Andrew d’Ackerley murmurs politely, “Not at all,” and takes out a slender cigarette of his own. Aristocratic ponce that he is, he inserts it into an ivory cigarette holder before lighting it.

Kurzik De’Vardis turns from Mr Carter with a drink and cigar of his own, glancing sideways at Georgina with a small smirk before wiping the expression from his face and looking completely serious for once, “Yes, Miss de Vitis was just telling me her theory that many of our students may have passed the run by accident, falling and inhuming on the way down.” His voice is as serious as his face, except for a small twinkle of amusement in his eyes.

Kurzik De’Vardis holds a scotch glass in his left hand.

Andrew d’Ackerley politely says: I do not believe that the Cordat expressively forbids us using a student body as a missile.

Miss Georgina de Vitis lights her cigar with evident practice, her feet tucking up beneath her skirt onto the chair, obviously settling in comfortably. “It does not. I have read it a few times over the last week…” She sips the gin and tonic, her eyes dancing with mischief.

Kurzik De’Vardis moves to occupy a third chair, taking a sip of his drink as he does so, “And Hat knows it’s about the only way we’ll turn some of them into living weapons.” He sets his glass aside and lights his cigar, the small smile returning to his lips after his first puff.

Andrew d’Ackerley nods and turns a page. “In fairness, a good number of them never intended to become actives in the guild. Most are merchants and lords to be.

Miss Georgina de Vitis rests her glass on the table, her hand moving to prop her chin up. “The post-grad classes surely should have a little more ambition.” The light comment comes with a warm smile though, her gaze moving between them, and she smokes.

Andrew d’Ackerley smirks over the edge of his paper again. “I wouldn’t know, my dear. My classes are delightfully unattended.”

Kurzik De’Vardis glances at Andrew and chuckles softly, “I’d be happy to give you some of my students. Some of those who seem to only still be here because mummy and daddy are paying for the courses.” He picks up his glass and takes another sip, making a slightly dismissive gesture with his cigar, “Being here before becoming a lord or a merchant doesn’t mean you can lack style or class while you’re here.”

Andrew d’Ackerley nods goodnaturedly. “It does tend to mean that one is quite useless in practical terms, though.”

“Oh dear…” Miss Georgina de Vitis murmurs, her lips twitching with amusement. “I won’t comment, I think.” She settles back in her seat, watching the pair of them through the smoke. “But I think merchants are not useless…” (Georgina)

Andrew d’Ackerley amusedly asks Kurzik De’Vardis: Shall we cede that perhaps, merchant’s sons can become useful members of society?

Kurzik De’Vardis grunts softly in agreement to Andrews comment, and glances sideways at Georgina, “I think it’s safe to say that they can become useful in the future, and as good Sir Andrew suggested earlier, while here they have much use in terms of ballistics.” He puffs on his cigar, smiling broadly around it.

Miss Georgina de Vitis returns Kurzik’s look, widening her eyes at him, her smile lighting up her face for a moment. “And shoes. And perhaps books…” She is teasing Kurzik with the comfortable ease of familiarity.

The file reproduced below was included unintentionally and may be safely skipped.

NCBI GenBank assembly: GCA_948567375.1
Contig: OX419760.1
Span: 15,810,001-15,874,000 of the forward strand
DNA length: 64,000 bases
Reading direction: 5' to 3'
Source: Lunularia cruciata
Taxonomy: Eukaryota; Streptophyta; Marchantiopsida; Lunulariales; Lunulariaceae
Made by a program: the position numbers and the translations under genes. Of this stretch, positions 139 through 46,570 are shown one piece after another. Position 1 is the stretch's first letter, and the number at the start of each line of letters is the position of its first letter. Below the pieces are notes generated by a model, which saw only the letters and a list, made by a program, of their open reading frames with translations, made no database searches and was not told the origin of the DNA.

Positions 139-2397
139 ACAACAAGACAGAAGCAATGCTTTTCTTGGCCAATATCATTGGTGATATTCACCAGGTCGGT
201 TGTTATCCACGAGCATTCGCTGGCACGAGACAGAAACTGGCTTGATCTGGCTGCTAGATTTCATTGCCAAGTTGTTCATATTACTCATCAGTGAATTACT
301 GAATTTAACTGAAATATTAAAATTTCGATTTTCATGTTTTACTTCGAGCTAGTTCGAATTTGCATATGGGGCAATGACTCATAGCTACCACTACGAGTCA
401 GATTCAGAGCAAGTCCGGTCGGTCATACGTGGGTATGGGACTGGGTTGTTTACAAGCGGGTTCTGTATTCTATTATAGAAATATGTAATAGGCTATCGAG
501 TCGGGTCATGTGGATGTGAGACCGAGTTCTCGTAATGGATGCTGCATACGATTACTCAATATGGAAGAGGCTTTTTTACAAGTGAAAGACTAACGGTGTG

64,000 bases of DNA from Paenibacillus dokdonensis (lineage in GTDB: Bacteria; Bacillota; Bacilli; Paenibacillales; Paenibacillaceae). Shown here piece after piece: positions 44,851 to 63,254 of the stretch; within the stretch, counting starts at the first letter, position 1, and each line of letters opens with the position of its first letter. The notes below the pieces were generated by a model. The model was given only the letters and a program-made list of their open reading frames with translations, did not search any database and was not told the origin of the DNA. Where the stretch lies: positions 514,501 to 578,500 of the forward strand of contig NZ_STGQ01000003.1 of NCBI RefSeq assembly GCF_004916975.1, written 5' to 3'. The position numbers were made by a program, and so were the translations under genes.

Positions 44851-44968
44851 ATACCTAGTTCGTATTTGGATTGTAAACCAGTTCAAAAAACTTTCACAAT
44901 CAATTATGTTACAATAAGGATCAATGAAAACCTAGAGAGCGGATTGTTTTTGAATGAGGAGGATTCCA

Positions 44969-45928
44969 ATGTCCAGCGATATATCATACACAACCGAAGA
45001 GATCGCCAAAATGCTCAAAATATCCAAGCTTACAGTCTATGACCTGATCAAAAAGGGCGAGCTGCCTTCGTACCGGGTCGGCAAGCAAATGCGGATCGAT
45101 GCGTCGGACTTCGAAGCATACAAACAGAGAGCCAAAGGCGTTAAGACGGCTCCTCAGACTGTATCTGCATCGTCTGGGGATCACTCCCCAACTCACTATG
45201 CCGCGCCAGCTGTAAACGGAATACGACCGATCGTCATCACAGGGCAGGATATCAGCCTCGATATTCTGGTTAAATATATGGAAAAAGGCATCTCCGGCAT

Andrew d’Ackerley puts the paper in his lap and adjusts his monocle. “Goodness. And here I thought that using human hide for book binding was against some law or other.”

Kurzik De’Vardis lowers his cigar, leaning forward slightly in his chair, “Possibly, but at least then they’re be safer than letting some of the students actually get their hands on them.”

“For those that return books in poor condition, Sir Andrew, the revenge is above the law.” Miss Georgina de Vitis speaks in mock seriousness, her eyes giving it away, the laughter showing. “I am very stern, you know…” (Georgina)

Andrew d’Ackerley mildly says: And you have your own library, Miss de Vitis… I must share with the good Kompt de Yoyo, and you do not want to know what he does to students who mistreat his beloved clarinet.

Kurzik De’Vardis chuckles at the comments, “Well, I will have to remember to treat the Kompt’s instruments with the same respect as Georgina’s books. Alas, if only all members of the guild would do so.” He sighs, a very over the top display, his whole body moving slightly with the breath, but his face portrays his amusement the entire time.

Miss Georgina de Vitis “I can imagine… ” The smile is warm and amused, as she reaches out to take her glass up, sipping it, watching them over the brim. “It is worth treating all of my books with the utmost respect, more than the Kompt. After all, Gwendolyn is on my side.

Andrew d’Ackerley says: And you have your own library, Miss de Vitis… I must share with the good Kompt de Yoyo, and you do not want to know what he does to students who mistreat his beloved clarinet.

Andrew d’Ackerley laconically says: Clarinets can go places in the human body.

Kurzik De’Vardis raises an eyebrow slightly at Andrew and softly murmurs, “Some more painful than others, I’m sure. But I doubt the Kompt would do that with his beloved clarinet, at least.” He shoots a grin at Georgina before taking a sip of his drink.

Miss Georgina de Vitis returns the grin, her eyes laughing. “He may have to borrow someone’s. Do you play, Sir Andrew?” Her eyebrows arch, her eyes dancing.

Andrew d’Ackerley shakes his head. “The clarinet, only what little I have been made to as a part of music studies.”

Kurzik De’Vardis raises an eyebrow at Andrew, the smile remaining in place but his eyes taking on a thoughtful cast to them, “I would have thought, Sir Andrew, that music would have been something you would have pursued. The arts are after all as large a part for us as our contracts. Just another part of our style, surely.”

Andrew d’Ackerley quietly says: Not the clarinet.